Sunday, 5 April 2020

Brotherly love.

Jupiter and Kit
 With no opportunities for alpaca shows in the next few months, a round-up of progress in the herd, to give a glimpse of some of the show team as they come into their prime, with well-established fleece and growth of the weanlings before shearing begins.

I started the previous post in mid-December with, "... the paddocks becoming muddier...", and as we all now know, they became wetter and muddier for another three months. As we got closer to the date of the National Show at the end of March, it became touch-and-go whether we would have animals clean enough to present at such a prestigious event - but as February ended, occasional dry days occurred, interspersed with wet days, such that the animals began to clean up, and even though the saturated ground became water-logged again and again, we had hopes of the show team being presentable...and then Coronavirus loomed. At first, it seemed possible that it could go ahead with certain safety measures and limitations in place - after all, the industry has well-established protocols for bio-security of our animals at such events, so we could have developed measures for the attendees, but the riska associated with the wider aspects, such as accommodating and feeding the humans became insurmountable.

Saturation of the ground, with water and mud oozing up between the alpacas toes, spoiled the already over-grazed grass, and we found we had to rotate the groups between paddocks much more frequently than before, to try and avoid any paddock becoming beyond easy recovery.


Apple Vale Jupiter 
This had a knock-on effect for weaning and halter training, as the weanlings weren't in the usual paddock which is handy for late-afternoon training as the days lengthened - this, coupled with the constant rain made for haphazard sessions, such that progress with the group is slow.

As a small effort to contribute something interesting for those in our village who are unable to get out and about the countryside at the moment, I started issuing a daily 60-second video from the paddock, on our local Facebook page, usually at morning feed time - they won't be issued on 'general' release, after all, who has a voice good for radio at 7.30 in the morning? !  :-)


Jupiter's fleece
Apple Vale Kitageskee (Kit)
Apple Vale Liberty (Libby)
Libby's fleece
Apple Vale Little Emily
Emily's fleece
Jupiter, Kit and Libby were all sired by Hanley Hall Polaris of Alpha Alpacas, from our dam Apples Helen's Diana (sire: Jaquinton of Alpaca Stud);
Kit, Jupiter and Fortune
Emily was sired by Appledene Commander-in-Chief of CME, dam  Apple Vale Gala grand dam: Apples, as above;


Sunday, 15 December 2019

End of term report.


With short, wet days, and the paddocks becoming muddier, it's time to look back on the last six months or so.



The show team of our white males, Apple Vale Kit (Kitageskee) and Apple Vale Jupiter attended five halter shows from Spring to Autumn, coming away with a very pleasing set of results, being placed either 2nd or 3rd in all classes but one, and generally in classes of between 6 and 11 entries - the sashes proved elusive this year, but they were snapping at the heels of champions.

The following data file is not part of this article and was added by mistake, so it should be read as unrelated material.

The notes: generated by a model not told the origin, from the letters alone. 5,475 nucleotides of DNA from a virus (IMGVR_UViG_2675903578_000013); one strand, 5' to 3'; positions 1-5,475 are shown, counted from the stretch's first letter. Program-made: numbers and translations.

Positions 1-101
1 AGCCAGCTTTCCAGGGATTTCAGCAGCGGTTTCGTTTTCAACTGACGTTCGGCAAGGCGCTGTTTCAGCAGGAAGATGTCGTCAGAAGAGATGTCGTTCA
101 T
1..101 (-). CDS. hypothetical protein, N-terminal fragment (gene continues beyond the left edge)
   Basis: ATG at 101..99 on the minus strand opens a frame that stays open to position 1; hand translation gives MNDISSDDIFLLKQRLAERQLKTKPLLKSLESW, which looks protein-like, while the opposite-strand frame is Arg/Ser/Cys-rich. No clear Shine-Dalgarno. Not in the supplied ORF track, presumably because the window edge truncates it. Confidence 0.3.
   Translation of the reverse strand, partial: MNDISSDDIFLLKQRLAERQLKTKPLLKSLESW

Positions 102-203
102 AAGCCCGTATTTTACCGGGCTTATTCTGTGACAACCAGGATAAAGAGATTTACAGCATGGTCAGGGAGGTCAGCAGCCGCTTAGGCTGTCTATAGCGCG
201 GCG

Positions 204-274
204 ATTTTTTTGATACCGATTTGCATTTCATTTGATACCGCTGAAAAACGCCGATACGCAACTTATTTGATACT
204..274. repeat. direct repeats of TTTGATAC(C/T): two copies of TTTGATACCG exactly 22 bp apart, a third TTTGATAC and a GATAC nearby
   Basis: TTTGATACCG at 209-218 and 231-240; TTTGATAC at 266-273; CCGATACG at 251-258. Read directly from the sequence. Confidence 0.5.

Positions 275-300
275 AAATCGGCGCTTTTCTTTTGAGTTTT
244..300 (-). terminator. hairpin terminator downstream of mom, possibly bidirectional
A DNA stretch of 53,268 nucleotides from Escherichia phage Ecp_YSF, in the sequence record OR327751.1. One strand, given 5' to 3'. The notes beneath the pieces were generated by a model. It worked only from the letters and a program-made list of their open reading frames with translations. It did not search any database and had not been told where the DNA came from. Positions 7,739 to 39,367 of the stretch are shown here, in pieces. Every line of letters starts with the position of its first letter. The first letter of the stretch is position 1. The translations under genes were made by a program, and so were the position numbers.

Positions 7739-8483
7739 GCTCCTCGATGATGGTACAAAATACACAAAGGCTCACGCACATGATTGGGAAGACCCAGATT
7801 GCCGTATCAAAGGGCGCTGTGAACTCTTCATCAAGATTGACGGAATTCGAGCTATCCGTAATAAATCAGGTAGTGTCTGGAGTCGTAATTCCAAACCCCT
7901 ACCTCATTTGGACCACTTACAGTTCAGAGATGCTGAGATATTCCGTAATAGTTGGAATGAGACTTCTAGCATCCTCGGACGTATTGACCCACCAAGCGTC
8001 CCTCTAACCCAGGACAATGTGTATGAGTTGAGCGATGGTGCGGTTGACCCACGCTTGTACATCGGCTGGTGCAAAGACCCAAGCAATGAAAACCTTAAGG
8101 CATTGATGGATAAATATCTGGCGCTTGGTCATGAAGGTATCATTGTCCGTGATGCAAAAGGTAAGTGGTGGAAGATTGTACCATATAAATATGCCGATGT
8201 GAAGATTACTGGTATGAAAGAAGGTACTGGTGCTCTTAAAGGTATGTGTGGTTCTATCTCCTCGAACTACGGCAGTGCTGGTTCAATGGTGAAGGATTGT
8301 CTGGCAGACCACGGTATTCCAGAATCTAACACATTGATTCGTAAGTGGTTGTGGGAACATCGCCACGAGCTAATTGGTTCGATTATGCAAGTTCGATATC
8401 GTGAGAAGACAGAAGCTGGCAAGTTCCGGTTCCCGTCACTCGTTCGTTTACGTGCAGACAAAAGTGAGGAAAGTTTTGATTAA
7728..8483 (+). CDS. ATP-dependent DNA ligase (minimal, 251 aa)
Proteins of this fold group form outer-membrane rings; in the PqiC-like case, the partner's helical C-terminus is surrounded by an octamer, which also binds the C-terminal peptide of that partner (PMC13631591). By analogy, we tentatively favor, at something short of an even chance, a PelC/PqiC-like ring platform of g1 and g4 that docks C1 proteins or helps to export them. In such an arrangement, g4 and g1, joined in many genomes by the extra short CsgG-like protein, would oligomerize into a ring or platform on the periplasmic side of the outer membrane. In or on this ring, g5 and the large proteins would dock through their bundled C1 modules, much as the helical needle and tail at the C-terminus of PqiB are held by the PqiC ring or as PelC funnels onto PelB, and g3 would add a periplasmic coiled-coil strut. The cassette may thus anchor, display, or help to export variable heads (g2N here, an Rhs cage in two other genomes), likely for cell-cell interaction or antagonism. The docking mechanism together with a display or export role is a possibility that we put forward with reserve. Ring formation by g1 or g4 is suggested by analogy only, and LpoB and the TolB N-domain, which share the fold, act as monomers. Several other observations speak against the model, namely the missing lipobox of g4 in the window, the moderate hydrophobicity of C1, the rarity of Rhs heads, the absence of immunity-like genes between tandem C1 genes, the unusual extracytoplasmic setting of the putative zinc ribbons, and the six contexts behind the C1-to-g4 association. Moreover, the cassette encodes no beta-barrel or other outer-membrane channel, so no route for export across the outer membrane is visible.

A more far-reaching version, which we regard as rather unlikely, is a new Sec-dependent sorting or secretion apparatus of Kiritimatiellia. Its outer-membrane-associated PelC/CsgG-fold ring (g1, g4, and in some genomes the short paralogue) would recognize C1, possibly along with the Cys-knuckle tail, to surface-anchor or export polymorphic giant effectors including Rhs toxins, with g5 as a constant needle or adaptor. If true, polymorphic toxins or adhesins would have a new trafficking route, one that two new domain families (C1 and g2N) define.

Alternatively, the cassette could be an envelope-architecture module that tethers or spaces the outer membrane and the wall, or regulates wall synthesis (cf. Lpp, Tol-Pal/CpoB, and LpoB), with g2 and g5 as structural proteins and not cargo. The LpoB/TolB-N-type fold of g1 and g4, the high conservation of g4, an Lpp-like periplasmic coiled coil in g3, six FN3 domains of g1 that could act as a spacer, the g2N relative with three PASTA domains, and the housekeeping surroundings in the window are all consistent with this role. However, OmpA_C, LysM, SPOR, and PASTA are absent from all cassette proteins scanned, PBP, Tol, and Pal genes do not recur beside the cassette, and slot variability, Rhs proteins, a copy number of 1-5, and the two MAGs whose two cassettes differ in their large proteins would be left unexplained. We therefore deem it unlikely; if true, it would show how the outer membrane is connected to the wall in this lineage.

In the Spring and Summer, I built the 'bandstand', somewhere to sit and watch the cria on a summer's evening:

We are looking forward to next year's shows, and the show team have been enhanced with this year's crop of four female cria.

At the end of July, Blossom gave birth to Lady Alice, sired by CME Florestan (S: Ntherough of CME GS: Dovecote Jaquinto), a light fawn female.

In August, Apples gave birth to Liberty (Libby) sired by Hanley Hall RA Polaris of Alpha Alpacas, a white, full sister to Kit and Jupiter.

The following day, Gala gave birth to Little Emily, sired by Appledene Commander-in-Chief of CME, a dark fawn female.

Finally, early September, Elstar gave birth to Longworth Bryony, sired by Apple Vale Fortune, a fawn and white female.
This abundance of female births balanced previous years of male-dominated births.
All the births went smoothly, although Blossom went into several days of isolation and 'quiet contemplation' in preparation, just before our son's wedding, which kept us on tenterhooks. Two of the mums had some difficulty feeding, with a swollen teat or two, and I was quite chuffed to learn the skill of expressing milk to relieve the pressure, and help the milk to start flowing.

In July, we attended Middlezoy village show with two of the yearling females, and Joy took a table full of products, which generated some sales and interest in felting classes.

Joy has continued processing our fleeces, and making fabulous knitted, felted and woven garments, which have sold well to B and B guests, and recently at local craft fayres.
Finally, we have said goodbye to a few females recently, who we have sold to an established breeder - this has helped to ease the pressure on the paddocks, which is welcome after these continuous wet months.
Not long until the days start lengthening...

Tuesday, 10 September 2019

Apple Vale Bryony

The class of 2019

It's a whitewash!  A clean sweep! Any other sporting cliche you choose -  the girls have 'trounced' the boys 4-0!

Apple Vale Elstar was due to give birth on my birthday, 24th August, but she wanted her cria to have it's own birthday, and besides, it was 26 degrees, so she held on for another 12 days, and on 5th September gave birth to Bryony (Apple Vale Longworth Bryony).